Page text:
we aren't going to lose this game

I’ll always remember how confident I felt because of the way our team had grown in toughness.


What had once been an 11-point lead had turned in to a 1-point deficit with under four minutes to play.  This was a moment where our team may have folded a month before, but I knew there was no way we were going to lose this one.


The night before my roommate Jacob Johnson and I had been reminiscing on the tournament run.  We talked about some of the toughest moments we had seen from our teammates over the past week.


Jonny Marlin had two tough shots against Northwest Christian that I will never forget. Northwest Christian was one of the biggest, most physical teams we have played all year and it took a series of tough plays to beat them. Jonny ended up sealing the deal with a huge three and a pull-up jumper on the baseline. It was a moment I will never forget because I knew we were on our way to beat a team not just because we were more skilled than them, but because we were tougher than them down the stretch.


Before the Davenport game, we were in the midst of warm-ups when Coach Clark approached me. They were still deciding who was going to guard Dominez Burnett, the two-time NAIA player of the year. Coach asked my opinion on who I thought was the best matchup between Jacob and I.  I had been guarding the best perimeter player the whole season, but in my mind, I just knew that Jacob was going to lock him down. I gave Coach the go ahead to let Jacob start on Burnett; I was so confident in his ability, and he looked so locked in on stopping him.


It was almost too good to be true. Jacob played the defensive game of his life. Burnett could not get a good shot at the hoop, and Jacob completely took him out of his game. It was incredible to watch the toughness Jacob played with.


However, the best play of the game came with a few minutes left in the game when Davenport had made a push to win the game. They needed a bucket so they were going to Dominez. We were having trouble playing defense and getting a stop in the second half. At this point in the game, Dominez had four fouls and we knew we needed to get him his fifth. Lane Mahurin fearlessly stepped up and took one of the toughest charges of his life as Dominez drove to his left for a lay-up. I don’t want to say that sealed the deal, because we still needed to finish out the game, but Davenport didn’t have their main scorer to go to now for a bucket. The momentum of the charge carried us to a victory, granting us a spot in the national championship game.  Once again, a tough play had helped us move on.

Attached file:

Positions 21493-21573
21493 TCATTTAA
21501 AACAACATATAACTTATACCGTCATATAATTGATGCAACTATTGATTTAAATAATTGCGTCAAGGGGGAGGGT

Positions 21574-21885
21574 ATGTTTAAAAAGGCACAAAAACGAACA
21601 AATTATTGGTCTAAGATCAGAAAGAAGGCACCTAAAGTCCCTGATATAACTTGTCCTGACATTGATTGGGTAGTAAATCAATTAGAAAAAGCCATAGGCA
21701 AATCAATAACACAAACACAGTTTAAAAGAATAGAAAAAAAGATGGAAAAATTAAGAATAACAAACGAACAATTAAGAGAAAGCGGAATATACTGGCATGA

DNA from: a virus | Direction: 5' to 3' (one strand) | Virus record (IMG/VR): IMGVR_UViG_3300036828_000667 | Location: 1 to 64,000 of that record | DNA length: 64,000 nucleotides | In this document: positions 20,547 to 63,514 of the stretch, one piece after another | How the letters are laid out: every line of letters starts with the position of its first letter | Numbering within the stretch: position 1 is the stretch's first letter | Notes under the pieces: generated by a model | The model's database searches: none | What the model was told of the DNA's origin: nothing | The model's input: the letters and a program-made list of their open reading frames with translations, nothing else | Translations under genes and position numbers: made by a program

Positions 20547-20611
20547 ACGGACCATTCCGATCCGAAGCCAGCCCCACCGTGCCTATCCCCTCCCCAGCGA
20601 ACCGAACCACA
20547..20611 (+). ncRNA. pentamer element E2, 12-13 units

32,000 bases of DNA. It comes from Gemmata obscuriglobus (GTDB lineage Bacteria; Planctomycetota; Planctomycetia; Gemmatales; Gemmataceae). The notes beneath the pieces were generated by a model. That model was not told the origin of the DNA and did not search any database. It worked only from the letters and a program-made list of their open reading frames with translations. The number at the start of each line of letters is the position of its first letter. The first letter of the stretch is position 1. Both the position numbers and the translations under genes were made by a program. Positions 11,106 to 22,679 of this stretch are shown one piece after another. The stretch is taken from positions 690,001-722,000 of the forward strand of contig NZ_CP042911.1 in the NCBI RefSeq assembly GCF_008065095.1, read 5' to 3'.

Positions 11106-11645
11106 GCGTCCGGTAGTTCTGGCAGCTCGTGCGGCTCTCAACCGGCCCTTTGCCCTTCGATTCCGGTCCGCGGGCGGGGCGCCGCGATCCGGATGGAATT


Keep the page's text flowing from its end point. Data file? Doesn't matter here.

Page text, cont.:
Most people dream about winning one national championship, and here I was with an opportunity for my second ring.  We had lost in the conference title game largely because our opponent came up with more tough plays than we did, but as we talked about those plays we looked at each other and said ‘we aren’t going to lose this game.’


The whole experience felt similar to my freshman year. It didn’t matter who we were playing, I felt with all my heart that there was no way we could lose. In talks the next day with parents, coaches, or teammates, I felt like all I was saying was “we aren’t going to lose this game.” Looking back, I honestly was probably getting annoying to whoever I came in contact when my response to any questions was, “we aren’t going to lose this game.”  All I can remember the whole day was thinking (you guessed it) “we aren’t going to lose this game.”


When Saint Francis took the lead, my mind flashed back to the memories of those tough plays.  The whole season, coach had been telling us what we needed to do to become a championship team, and that was to become tougher.  We had to make tough plays. I knew we needed someone to make a tough play in the final moments if we were going to cut down the nets, and Josh Mawhorr gave it to us when he ripped down a huge rebound to seal the deal for the championship game after we had regained the lead.


As Josh ripped down the rebound, I knew that “we weren’t going to lose this game.”  I had never for a moment doubted these guys. The whole tournament was full of so many emotions I shared with my teammates, too many to even describe.  We were a group of tight-knit brothers who were fighting for a common cause.  We had shared memories of early morning practices and junkyard workouts.  The one constant emotion was the confidence I had in this team.  I will never forget it! 

-Bob Peters